Europe is still a mess, even mighty German saw Q4 growth go negative (Reuters), but European spreads continue to get better (Josh Brown). Meanwhile stateside, 2013 Outlook: Why The SPX Will Be Up For A 5th Year In A Row (Schaeffers).
The stimulus push continues in Japan (Reuters).
China’s economic improvement is becoming visible in global markets at Sober Look.
“(F)our factors combined to generate a sharp increase in world demand for commodities: rapid growth in global GDP, increasing urbanization in developing countries, a rise in population at a rate of 800 million people per decade, and a significant decrease in poverty. With the exception of global population growth, China has been the most dynamic country in all of these respects.” Shall this continue? Project Syndicate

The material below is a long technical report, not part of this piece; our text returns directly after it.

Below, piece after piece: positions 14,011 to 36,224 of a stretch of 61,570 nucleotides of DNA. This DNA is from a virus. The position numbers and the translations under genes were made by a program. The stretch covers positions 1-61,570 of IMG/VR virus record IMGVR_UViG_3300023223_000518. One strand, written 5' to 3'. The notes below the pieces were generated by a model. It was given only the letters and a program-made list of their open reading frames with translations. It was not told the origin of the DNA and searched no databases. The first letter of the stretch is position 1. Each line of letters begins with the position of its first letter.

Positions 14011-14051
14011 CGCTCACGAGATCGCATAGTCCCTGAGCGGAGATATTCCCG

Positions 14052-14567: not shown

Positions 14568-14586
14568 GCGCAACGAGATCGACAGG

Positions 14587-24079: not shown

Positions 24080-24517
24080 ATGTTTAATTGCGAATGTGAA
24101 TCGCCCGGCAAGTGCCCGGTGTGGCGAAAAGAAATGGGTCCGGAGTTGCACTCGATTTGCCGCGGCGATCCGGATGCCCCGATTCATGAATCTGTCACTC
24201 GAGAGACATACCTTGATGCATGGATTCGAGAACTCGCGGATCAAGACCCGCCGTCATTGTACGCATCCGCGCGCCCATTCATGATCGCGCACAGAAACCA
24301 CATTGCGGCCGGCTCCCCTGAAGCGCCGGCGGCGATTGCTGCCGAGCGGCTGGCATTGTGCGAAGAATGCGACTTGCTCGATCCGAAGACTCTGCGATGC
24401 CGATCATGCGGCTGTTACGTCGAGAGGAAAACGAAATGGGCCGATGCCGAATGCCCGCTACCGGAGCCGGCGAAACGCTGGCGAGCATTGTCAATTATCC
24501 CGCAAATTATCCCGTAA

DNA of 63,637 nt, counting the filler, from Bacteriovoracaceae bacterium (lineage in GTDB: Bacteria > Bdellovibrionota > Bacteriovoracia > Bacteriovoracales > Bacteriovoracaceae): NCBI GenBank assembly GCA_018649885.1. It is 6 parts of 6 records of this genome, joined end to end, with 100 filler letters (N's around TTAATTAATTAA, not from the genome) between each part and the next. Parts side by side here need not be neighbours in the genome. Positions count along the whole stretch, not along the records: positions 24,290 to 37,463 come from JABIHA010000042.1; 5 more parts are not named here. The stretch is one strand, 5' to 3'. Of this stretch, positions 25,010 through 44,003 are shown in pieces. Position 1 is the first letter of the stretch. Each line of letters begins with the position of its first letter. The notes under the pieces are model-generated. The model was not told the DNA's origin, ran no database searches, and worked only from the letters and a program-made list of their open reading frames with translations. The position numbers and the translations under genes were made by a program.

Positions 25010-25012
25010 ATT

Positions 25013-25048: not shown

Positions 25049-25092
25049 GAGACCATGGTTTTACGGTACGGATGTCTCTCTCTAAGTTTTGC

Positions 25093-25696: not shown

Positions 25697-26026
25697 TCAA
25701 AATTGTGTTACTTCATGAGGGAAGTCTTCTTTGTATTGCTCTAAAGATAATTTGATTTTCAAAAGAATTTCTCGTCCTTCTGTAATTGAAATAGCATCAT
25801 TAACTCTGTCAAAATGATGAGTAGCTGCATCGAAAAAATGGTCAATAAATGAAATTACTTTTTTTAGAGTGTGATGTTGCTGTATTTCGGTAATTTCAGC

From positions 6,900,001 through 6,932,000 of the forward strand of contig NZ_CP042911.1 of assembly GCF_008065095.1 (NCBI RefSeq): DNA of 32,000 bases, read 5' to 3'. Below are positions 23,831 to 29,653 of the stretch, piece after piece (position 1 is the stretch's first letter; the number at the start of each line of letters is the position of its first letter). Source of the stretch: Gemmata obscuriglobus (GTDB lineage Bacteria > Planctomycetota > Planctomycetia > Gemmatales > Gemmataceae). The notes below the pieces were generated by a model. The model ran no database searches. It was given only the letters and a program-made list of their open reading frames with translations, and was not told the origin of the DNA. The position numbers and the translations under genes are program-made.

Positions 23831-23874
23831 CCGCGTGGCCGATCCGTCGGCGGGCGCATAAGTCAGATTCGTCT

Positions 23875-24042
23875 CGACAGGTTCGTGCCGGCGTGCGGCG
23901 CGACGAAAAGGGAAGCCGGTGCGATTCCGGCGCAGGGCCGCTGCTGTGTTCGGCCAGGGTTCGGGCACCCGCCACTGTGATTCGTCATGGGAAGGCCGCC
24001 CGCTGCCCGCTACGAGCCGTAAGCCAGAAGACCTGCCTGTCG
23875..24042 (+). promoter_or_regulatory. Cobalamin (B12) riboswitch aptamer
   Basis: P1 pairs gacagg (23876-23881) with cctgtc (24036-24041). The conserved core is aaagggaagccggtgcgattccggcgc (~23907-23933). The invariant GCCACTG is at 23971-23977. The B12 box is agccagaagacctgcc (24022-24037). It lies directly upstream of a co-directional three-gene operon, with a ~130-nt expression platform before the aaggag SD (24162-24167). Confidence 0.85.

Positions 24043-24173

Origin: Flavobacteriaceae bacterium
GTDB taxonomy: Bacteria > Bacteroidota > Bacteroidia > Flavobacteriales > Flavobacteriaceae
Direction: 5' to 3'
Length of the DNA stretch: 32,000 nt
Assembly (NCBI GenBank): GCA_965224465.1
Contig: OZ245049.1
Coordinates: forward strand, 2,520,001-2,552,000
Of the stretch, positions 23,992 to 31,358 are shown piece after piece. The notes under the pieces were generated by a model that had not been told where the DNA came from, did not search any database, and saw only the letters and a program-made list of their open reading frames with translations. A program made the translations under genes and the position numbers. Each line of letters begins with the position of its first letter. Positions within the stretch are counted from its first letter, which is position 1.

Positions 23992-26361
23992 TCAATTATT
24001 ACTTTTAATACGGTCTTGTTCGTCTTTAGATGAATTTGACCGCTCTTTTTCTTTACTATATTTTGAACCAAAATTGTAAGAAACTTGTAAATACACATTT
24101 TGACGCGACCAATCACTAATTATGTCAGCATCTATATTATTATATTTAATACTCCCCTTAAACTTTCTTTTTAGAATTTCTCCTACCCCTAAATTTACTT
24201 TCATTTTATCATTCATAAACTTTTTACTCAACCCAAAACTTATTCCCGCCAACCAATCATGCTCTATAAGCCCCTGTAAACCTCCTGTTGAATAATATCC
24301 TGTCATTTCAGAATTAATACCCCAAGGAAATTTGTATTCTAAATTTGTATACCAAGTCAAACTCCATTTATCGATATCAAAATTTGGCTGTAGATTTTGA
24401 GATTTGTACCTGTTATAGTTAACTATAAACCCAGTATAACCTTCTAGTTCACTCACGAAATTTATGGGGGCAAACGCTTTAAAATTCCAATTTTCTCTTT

China, ECB, Currencies, and Commodities by Ryan Puplava.
However: ” Short seller Jim Chanos sees big trouble brewing among leveraged natural-gas producers. Why he still views China as a bubble and is wary of Brazil’s Petrobras and Vale, too.” Barron’s
Missed the China Rally? Wait for February, Ned Davis says at Barron’s.
Commodity currency Australian Dollar ready for a major kangaroo jump? by Peter Brandt.
“Copper and tin are likely to be the biggest near-term beneficiaries of improved apparent demand through the first half of 2013, with supply availability still limited, Macquarie said in a research note Friday.” Platts China’s 2013 refined copper consumption to rise 5.5% to 8.1 mil mt: Antaike at Platts.
Natural Resource Stocks To Reflate On China? Michael Gayed Look’s like a possible fantastic low risk entry point:
China’s 2012 trade surplus surges 48% (CNA), thus “China’s overseas investments neared $80 billion in 2012, according to the latest
tally by the Heritage Foundation, a conservative Washington D.C. think, and may well hit $100 billion a year in the coming years.” WSJ
We shall keep a close eye on China (Business Spectator).
Inflation adjusted stocks via J.C. Parets:
An MLP blog to bookmark for those interested in the space: MLP Guy.